The Commons teams up with architecture students to offer new access to campus garden

LAWRENCE – Since August, students in Keith Van de Riet’s ARCH509 Design-Build class at the University of Kansas have been working to develop a design for the Weaver Courtyard that brings the The Commons’ mission of interdisciplinary collaboration to the outdoors.

The previously underutilized green space just south of Spooner Hall had been a bit like a secret garden for several years. Enclosed by an ornate iron fence, and accessible only by one staircase, the area was not easily seen or reached by pedestrian traffic on Jayhawk Boulevard. However, through support from an interdisciplinary Starter Grant at The Commons and the donations of a number of individuals, the project connects the Department of Architecture’s third-year design-build studio goals of hands-on learning with the cross-disciplinary mission of The Commons.

Beginning with a research-intensive semester in spring 2018, students laid the groundwork for a larger construction undertaking this fall through site surveys and historical research on the building and grounds. They also consulted with Professor and Senior Scientist Kelly Kindscher and other native plant specialists at the Kansas Biological Survey; Professor Emeritus of French/Italian Ted Johnson and practicing engineers and architects, including KU alumnus Chris Boos. Putting this work into action, they cleaned up sightlines on the west exterior of the garden, replacing several invasive species with native plants and created a new seating area from a defunct fountain.

This semester, students are taking this work further. They created a comprehensive design plan that centers the natural elements — earth, fire, water and air — and overlaps an axis of design elements, using sculptural focal points to illustrate and invite a connection between humans and nature. The students are continuing to work with researchers across disciplines as well as with Facilities Planning & Development. In addition to campus resources, the students have engaged local mason and artist Karl Ramberg of Ramberg Stoneworks to learning time-tested crafts, such as stone carving and tuck-pointing, as they repair damaged stonework and build a new access point to the garden.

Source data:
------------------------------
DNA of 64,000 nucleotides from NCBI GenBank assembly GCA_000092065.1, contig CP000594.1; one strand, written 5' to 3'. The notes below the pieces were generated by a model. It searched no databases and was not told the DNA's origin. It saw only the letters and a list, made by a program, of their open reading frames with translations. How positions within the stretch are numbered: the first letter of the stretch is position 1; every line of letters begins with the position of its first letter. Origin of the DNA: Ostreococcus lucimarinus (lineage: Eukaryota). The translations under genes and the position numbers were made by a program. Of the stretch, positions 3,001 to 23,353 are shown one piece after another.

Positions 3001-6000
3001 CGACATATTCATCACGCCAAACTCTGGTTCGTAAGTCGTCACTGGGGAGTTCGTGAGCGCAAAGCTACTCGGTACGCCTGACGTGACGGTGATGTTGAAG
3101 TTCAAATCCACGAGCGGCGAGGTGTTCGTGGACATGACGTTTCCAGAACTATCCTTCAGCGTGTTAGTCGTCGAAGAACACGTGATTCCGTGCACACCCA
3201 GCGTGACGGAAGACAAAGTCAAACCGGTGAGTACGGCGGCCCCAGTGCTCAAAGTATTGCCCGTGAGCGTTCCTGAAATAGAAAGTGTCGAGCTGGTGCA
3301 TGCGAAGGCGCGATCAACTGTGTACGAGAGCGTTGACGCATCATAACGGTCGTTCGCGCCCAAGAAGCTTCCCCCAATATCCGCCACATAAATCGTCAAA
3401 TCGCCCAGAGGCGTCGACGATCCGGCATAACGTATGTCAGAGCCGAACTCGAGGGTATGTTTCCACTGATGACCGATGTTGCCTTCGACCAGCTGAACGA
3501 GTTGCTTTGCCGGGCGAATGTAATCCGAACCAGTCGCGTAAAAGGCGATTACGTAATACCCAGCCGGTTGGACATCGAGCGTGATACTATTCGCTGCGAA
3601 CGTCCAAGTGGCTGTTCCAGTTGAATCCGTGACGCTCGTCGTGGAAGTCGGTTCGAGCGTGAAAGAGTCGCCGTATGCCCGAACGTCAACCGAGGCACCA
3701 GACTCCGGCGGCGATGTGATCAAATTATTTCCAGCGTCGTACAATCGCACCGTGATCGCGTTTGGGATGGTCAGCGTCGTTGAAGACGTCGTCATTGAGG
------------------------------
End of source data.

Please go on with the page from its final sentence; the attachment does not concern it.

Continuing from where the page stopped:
“These studios, and in particular this project, are really exceptional learning modules because the students get such great experience – from historic context, site design, underground utilities, permitting and approvals, committee reviews, collaboration skills, professional drawing standards, and on and on,” Van de Riet said. 

The students’ work will make it possible for more people to experience the space through an ADA-compliant ramp. Additionally, user experiences will be amplified by a new system to divert water runoff from Spooner Hall to planted beds, more native plant species to reduce maintenance needs and increase pollinator traffic, and the additional sculptural elements.

Emily Ryan, director of The Commons, said she is excited about this work and the opportunities it creates.

“This project is an example of what can come from genuine investment in working across disciplines, which is what The Commons aims to foster. The work is richer and better-informed for the multiple perspectives and approaches that Keith and his students have involved from the beginning, and as a result, we’ll all benefit from a fully conceived space.”

Students will continue work on this project throughout the semester.

Financial and in-kind support for this project has come from an Interdisciplinary Starter Grant from The Commons and KU Research; Jeff and Mary Weinberg; Historic Mount Oread Friends; Amy Albright and Doug Davison, Vinland Valley Nursery; Myles Schachter, 2Sculpt; Celka Straughn; Weston Tanner; Kathy Porsch; Martha Hodgesmith; Catherine Goga; Brian Moss; Michael Burke; Keith Van de Riet; Susan Dickherber; Frank Hoffman and Sandra Sanders.